At the moment in his dream when the speaker enacts choice with “this stick of judgement”, he elaborates his identity: he adds “bones and wings to [his] hat”. The speaker is acting like Goldsmith’s conceptual poet, using his choice of “what to include […] and what to leave out” to express himself. Furthermore, his performed identity – he is “dressed up” – is inseparable from his faculty of choice, as the “categories that really matter” are the categories which relate everything back to himself. The expressive behaviour of the witch doctor in Riviere’s poem mimics the process of the conceptual artist and the work of social media. This expressive curatorship is compelling as it is the expressive behaviour of consumerism. As Baudrillard argues in his early writings (The System of Objects and The Consumer Society), consumption is a form of communication, a “systematic manipulation of signs”. As advertising has become ironic and self-aware, as late capitalism has incorporated its own critique, our social identity is heavily invested in our navigation of a pre-existing system of commodities; in our purchase decisions, in expressing our cultural affinities, we are playing the Glass Bead Game, in the exercise of something like Bourdieu’s “taste”. (The ‘hipster’ – a pose frequently ascribed to Riviere’s speakers in reviews of 81 Austerities, or indeed to most of alt lit poets – is best understood by this model: a young person who, since barred from economic capital, vies for cultural capital through complex performances of consumption, using irony both as a way of aestheticising everything, validating the appropriation of objects from their context, and as a defensive strategy to deflect anxiety or criticism over their complicity in consumption and their affluence.)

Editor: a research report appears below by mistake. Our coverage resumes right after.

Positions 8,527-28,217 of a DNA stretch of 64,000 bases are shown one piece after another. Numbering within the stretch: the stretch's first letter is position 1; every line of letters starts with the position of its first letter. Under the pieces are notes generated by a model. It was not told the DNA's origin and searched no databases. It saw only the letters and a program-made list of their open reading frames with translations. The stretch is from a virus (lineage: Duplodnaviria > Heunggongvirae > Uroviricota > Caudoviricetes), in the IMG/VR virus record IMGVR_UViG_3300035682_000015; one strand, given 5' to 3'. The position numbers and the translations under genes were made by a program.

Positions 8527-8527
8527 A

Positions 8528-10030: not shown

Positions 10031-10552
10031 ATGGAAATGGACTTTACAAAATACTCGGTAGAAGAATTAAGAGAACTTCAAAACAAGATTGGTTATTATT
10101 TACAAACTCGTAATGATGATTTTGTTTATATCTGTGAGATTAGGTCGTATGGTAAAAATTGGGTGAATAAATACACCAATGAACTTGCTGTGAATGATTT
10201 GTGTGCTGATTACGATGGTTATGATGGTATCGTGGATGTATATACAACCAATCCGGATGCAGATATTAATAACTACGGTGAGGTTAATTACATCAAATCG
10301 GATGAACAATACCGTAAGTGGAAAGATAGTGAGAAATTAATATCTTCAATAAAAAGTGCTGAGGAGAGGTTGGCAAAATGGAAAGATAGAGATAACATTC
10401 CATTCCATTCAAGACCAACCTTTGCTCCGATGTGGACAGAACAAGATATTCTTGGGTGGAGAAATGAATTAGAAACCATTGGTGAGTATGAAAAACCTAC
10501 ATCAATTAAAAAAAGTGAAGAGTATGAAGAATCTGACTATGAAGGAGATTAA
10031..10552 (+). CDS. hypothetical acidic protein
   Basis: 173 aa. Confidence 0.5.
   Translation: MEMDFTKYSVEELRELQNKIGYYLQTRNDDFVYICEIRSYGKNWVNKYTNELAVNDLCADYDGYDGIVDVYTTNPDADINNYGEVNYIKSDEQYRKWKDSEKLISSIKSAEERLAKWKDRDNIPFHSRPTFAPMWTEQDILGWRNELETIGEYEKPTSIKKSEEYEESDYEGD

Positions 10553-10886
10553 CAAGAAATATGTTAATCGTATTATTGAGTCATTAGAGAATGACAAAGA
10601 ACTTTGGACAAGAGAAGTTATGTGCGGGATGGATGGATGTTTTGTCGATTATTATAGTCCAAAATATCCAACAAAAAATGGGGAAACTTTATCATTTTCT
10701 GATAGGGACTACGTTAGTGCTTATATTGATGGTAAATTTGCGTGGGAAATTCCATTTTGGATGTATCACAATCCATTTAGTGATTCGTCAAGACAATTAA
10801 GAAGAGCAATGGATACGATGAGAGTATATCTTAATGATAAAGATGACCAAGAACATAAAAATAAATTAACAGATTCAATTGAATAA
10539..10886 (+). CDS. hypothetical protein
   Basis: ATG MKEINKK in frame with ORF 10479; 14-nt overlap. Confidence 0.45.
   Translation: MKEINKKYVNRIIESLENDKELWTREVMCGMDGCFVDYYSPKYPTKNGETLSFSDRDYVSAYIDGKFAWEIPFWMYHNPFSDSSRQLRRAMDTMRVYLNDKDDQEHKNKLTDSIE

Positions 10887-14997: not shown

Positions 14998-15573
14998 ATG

This form of curatorial expression, as described by Goldsmith, is only extrinsically personal: any intrinsic personality is merely incidental to language directed towards other means, in unreadable texts as a statement about the internet’s unreadability. But considering ‘unoriginality’s broad resonance with C21st writers, Goldsmith’s conceptualist practice (such as in Traffic) is a remarkably narrow enactment of its implications, as, whilst it sees expression in curatorship, it separates text from identity by making language itself secondary. KKM, on the other hand, doesn’t observe a distinction between text and identity, implicating identity in ‘unoriginality’. In seeing individuals in the C21st primarily as consumers, KKM puts curatorial choices, either in products and images or in the language used to describe them, at the heart of identity, as it brings unoriginality back inside something resembling the post-romantic lyric (formally and tonally, if nothing else).